Gray’s copy of “Origin” also contained two pages of Darwin’s handwritten notes pasted into the back. Darwin’s comments addressed several errors in the first edition, as well as clarified information on domesticated dogs and slave ants. Darwin sent these notes in January 1860, so that Gray could facilitate the publication of an American edition of “Origin.” Gray was instrumental in this endeavor because the United States did not recognize foreign copyright in 1859; therefore, anyone with a copy could publish a new edition of “Origin.” Gray helped arrange for a single American edition to be published in New York by Appelton. By May 1860, Appelton had sold 1,750 copies of the book.
Only a week after looking through Asa Gray’s copy, I had the opportunity to examine another first edition of “Origin.” Louis Agassiz, one of America’s foremost opponents of the theory of evolution in the 1860s and Gray’s colleague at Harvard, owned this copy. “From the Author” adorned the frontispiece of his book too, and Agassiz also wrote in the margins. But the similarity with Gray’s “Origin” ended there. No cracks marred the green cover and the corners lacked dog ears, and Agassiz’s comments were far less supportive, ranging from “This is monstrous” to “The mistake of Darwin” to “A sentence likely to mislead!”
After skimming these two books, mostly looking at the owners' comments, I felt obligated to purchase and read my own copy of “Origin of Species.” Darwin’s writing pleasantly surprised me. He occasionally baffled me with long, ponderous ramblings. But for the most part, I found the book to be compelling and thought provoking. Despite the fact that Darwin wrote the book from his country home in England, he referred to rhododendrons in the Himalayas, tyrant flycatchers in South America, slave-making ants in Sussex and glaciers in North America. He also discussed plants and animals as diverse as legumes and lemurs, parasites and pigeons, and beetles and bats.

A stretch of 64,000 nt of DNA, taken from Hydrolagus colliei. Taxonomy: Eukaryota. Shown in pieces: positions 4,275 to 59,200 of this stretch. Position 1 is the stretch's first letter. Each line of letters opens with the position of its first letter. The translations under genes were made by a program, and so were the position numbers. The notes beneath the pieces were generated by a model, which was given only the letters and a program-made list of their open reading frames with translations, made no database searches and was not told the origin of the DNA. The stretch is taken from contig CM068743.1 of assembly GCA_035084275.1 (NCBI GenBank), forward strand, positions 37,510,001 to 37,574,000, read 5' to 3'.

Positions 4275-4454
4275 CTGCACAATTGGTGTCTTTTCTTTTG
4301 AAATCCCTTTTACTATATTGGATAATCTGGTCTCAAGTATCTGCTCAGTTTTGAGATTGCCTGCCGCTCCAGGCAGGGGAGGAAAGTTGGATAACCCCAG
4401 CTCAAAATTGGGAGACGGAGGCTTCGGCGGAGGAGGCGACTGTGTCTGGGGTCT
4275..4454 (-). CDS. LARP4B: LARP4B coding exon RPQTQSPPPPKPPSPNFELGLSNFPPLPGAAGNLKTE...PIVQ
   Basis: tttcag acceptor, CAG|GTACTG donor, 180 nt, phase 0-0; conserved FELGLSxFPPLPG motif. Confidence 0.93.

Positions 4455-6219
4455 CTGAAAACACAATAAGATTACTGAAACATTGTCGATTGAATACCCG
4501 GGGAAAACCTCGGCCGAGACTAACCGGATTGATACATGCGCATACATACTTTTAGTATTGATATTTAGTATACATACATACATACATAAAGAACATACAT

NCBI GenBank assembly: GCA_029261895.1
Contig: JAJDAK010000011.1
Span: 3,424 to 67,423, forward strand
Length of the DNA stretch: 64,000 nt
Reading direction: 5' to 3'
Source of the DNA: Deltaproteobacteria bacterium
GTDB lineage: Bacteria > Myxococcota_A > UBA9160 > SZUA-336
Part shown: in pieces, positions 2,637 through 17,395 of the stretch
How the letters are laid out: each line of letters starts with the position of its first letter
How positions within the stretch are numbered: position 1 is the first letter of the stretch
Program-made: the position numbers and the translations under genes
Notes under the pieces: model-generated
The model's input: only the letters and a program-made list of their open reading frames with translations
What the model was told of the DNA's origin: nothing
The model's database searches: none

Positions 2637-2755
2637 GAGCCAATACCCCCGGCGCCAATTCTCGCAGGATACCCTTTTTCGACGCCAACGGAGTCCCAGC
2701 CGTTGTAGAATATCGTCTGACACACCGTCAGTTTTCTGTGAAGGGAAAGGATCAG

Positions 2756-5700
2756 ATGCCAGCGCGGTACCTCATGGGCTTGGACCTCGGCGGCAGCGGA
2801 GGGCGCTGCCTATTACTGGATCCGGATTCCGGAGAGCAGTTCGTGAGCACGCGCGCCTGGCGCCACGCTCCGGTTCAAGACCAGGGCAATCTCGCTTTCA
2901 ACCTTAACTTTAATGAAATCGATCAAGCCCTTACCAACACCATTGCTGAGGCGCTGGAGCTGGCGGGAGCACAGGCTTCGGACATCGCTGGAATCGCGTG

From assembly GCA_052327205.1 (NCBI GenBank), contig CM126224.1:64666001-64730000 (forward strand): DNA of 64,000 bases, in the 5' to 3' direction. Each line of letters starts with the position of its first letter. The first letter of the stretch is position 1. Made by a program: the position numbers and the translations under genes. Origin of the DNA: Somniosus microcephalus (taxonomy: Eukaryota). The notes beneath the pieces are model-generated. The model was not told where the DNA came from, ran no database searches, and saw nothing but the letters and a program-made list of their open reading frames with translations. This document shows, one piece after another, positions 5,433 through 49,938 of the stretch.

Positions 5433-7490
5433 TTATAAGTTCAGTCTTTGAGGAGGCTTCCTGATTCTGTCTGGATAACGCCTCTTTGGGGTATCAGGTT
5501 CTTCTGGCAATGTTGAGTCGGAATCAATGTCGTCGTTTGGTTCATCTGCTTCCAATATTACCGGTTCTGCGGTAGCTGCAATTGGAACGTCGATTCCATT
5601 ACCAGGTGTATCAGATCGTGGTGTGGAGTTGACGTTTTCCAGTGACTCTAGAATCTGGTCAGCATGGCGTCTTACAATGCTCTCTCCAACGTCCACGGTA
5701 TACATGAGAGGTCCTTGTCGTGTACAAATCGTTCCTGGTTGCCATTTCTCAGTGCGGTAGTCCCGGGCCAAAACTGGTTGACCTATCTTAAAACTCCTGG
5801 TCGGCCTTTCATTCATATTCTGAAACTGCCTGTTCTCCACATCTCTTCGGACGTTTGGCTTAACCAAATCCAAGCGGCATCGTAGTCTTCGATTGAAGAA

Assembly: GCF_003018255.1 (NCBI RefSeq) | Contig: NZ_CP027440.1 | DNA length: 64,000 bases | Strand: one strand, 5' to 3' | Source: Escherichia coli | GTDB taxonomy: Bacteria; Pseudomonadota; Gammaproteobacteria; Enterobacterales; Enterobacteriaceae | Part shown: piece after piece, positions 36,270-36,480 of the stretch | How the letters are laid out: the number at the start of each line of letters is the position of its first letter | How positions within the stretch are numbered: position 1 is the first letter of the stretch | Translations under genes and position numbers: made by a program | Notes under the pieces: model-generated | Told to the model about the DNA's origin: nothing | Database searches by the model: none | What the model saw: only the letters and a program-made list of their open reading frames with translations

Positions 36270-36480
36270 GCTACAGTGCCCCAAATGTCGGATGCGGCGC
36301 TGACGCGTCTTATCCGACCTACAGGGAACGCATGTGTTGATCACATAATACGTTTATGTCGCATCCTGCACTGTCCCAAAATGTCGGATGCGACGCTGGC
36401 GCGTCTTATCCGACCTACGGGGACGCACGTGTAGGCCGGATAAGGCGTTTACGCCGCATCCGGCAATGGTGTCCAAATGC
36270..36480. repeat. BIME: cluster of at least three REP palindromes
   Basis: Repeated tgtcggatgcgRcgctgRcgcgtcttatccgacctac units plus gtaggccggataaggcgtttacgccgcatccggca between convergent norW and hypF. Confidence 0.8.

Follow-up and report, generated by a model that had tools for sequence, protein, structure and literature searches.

My greatest surprise in reading this book was that Charles Darwin never used the phrase “survival of the fittest.” He came close, using phrases like “individuals having any advantage ... would have the best chance of surviving” or “the selected form having some advantage in the struggle for life over other forms.” The precise four-word aphorism, however, did not appear until the fifth edition, printed in 1869, a decade after the original publication. Furthermore, Darwin did not even coin the maxim — English philosopher Herbert Spencer first used “survival of the fittest” in 1862 in his “Principles of Biology Volume 1.”
After reading “Origin,” I decided to find out if I was alone in my prejudice against the book. Over several months, I asked scientists, science journalists and friends if they had read it. The responses ranged from “I once read a book with origin in the title. Does that count?” to “Of course, I even celebrate Darwin’s birthday.” This same friend said that he had self-consciously kept a copy of “Origin of Species” in his hip pocket during junior high school. He read it then and continues to reread it “for its constantly new insights and graceful language.”
Most of the people I asked could not claim such familiarity with “Origin.” They knew of the book, but they had read only passages or at most a chapter or two. Of the few who had finished the entire book, most had been required to read it for a class. I only found one or two people who had read it of their own accord. When I asked the acclaimed scientist and writer Stephen Jay Gould why he thought that so few people read “Origin,” he responded: “It’s a philistine nation. Who reads much of anything these days?”
Indeed, most of the people with whom I spoke are prolific readers and are familiar with natural history writing. But they, like me, still take Darwin for granted; his theory has been explained, updated and proven, so why read “Origin of Species”?
The reason is simple: We should read “Origin” to honor Darwin. Natural selection changed the way humanity thinks about itself and the world around us. Few natural scientists have had such an impact. One hundred and fifty years after this great book’s publication, we owe it to Darwin to read “Origin of Species” because it clearly presents one of the most important ideas ever proposed. Plus, it is actually a good read.